The course is intended to introduce the student to the conduct of field archaeology. Students will be given the opportunity to apply what they have learned in the classroom to field situations. Students will learn to orient themselves in the field and how to maintain three dimensional control in their excavations. Aspects of archaeological survey, testing, and excavation will be addressed. Proper mapping and cataloging techniques will also be taught. Students should gain insight into why archaeologists go into the field to excavate the archaeological record.

Archaeological field investigations must be problem oriented. We will discuss how to design important research questions and then properly design methods to answer them in a field setting. We will also explore the concerns of archaeologists, cultural resource managers (including federal and state agencies), and native peoples regarding the archaeological record. Artifacts removed from their original context or matrix are of limited use to the archaeologist. Students will learn how to assess archaeological context and integrity. Students will learn how to conduct archaeological field investigations. Click on this link to see course syllabus.

students mapping using laser transit

What Students May Expect - SORT OF (every field season is different)
field school video image and link

2009 Field School video by Jeffrey W. Navel (click on image above to see it - takes a minute or two to load)

Students should register for ANTH 4407: Archaeological Field School (OR 5407 for graduate students).

Students will lodge in field houses in the project area. Houses have most or all amenities. Lodging costs may be covered for students depending on funding. If not, lodging costs should be about $250-300.00/student. Meals are not covered.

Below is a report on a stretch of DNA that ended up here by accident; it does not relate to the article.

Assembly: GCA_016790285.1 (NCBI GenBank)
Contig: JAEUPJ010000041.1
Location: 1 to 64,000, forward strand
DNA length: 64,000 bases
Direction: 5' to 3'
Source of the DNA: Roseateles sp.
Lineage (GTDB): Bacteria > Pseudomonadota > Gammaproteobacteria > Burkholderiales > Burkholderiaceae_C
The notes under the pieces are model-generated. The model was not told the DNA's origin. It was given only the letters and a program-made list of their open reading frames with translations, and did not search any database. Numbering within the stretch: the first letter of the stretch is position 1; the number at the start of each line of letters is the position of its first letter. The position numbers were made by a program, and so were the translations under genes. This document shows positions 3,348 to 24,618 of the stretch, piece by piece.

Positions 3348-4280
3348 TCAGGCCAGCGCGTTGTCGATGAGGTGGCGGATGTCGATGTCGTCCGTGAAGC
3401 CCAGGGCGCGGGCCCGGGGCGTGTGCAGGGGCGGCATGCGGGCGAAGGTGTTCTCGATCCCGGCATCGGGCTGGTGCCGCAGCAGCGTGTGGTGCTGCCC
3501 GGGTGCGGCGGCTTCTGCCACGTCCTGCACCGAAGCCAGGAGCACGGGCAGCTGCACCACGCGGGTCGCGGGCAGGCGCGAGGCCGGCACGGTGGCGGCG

Cost: Students are resposible for their tuition, fees, & food costs only (maybe lodging, too, depending on funding)

Students will be responsible for their tuition costs and meals (maybe lodging, too, depending on funding). In an effort to make the field experience more affordable for students, the course is offered as three (3) credit hours OR 6 credit hours (If the 3 credit hour option is chosen, students may later repeat the course for a total of six credit hours). In-State rates for Summer 2014 are as follows: In-State undergraduates pay $246 per credit hour plus University fees (3 credit hours = $738.00 total). Graduates pay $395 per credit hour plus University fees (3 credit hours = $1185.00 total). Out-of-State rates for are as follows: Undergraduates pay $369 per credit hour plus University fees (3 credit hours = $1107.00 total). Graduates pay $593.00 per credit hour plus University fees (3 credit hours = $1779.00 total). For non-ETSU students, there is a $25.00 University application fee as visiting students. See Visiting Students

Enrollment is open to students from any university, although priority may be given to ETSU students. No one will be admitted for enrollment without completely filling out and agreeing to the terms of this application form. Applications are to be accompanied by a $250.00 materials fee and deposit for each student (This is non-refundable: $50.00 is for a materials fee and $200.00 is for the housing deposit. If you attend field school and my funding comes through, I will then refund the $200.00). Forms are due no later than MAY 15th, 2014. Students who submit applications after this date may be placed on a waiting/alternate list. Enrollment is limited to 12 students for 2014, and is open only to students taking the course for credit - no audit students or volunteers will be accepted. Download application form.


Sachsen Cave Shelter Field Crew 2010